People showing signs of depression may not evoke strong supportive responses from friends and family. This is according to new research published in the Journal of Health and Social Behaviour, which found this to be the case as a result of mental illness definitions becoming broader.
The study revealed individuals may not be as sympathetic to those with more common illnesses – such as mood changes and depression – compared to people experiencing severe disorders like bipolar and schizophrenia.
Brea Perry, author of the report, noted that as a result of so many adults being successfully treated for more socially-accepted conditions, perhaps “signs of depression do not alarm friends and family members to the same degree as disorders known to severely affect functioning”.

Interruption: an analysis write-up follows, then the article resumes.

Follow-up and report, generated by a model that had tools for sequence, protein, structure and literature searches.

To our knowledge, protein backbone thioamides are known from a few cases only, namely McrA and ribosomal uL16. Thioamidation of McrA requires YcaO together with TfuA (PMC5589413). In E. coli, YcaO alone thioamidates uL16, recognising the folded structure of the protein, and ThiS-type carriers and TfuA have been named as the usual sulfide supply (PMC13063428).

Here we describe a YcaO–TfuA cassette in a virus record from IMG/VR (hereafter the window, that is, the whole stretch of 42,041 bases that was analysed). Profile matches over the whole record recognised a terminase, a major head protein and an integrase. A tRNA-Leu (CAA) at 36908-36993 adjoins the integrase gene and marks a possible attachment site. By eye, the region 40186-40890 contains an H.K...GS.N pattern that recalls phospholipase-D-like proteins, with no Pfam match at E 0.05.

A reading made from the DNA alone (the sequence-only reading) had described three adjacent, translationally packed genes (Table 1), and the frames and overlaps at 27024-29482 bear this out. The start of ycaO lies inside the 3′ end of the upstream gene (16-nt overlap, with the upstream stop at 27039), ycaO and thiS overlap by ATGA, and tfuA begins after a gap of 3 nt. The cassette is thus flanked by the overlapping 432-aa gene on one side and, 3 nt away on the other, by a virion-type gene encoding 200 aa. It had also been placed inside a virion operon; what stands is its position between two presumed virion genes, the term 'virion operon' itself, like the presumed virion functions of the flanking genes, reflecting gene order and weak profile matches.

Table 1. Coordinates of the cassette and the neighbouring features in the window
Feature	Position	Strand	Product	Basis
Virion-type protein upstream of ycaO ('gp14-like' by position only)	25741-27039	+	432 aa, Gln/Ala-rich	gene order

And while more common illnesses are recognised as legitimate by medical professionals, Ms Perry observed the wider public may be less willing to accept these sufferers should be playing a sick role.
“Sufferers usually withdraw from social networks, lack motivation and have global negative responses to themselves, their world and their future.
“They often reject attempts of support and empathy as they feel so worthless and hopeless. This can be hard for those who care for them to cope with and there is a danger that help is withdrawn because there is a sense that their help is being rejected.
“The more aware we all are as to the realities of what a major depressive illness means to the sufferer and to those supporting them, the better our understanding and the greater the depth of support that can then be offered.”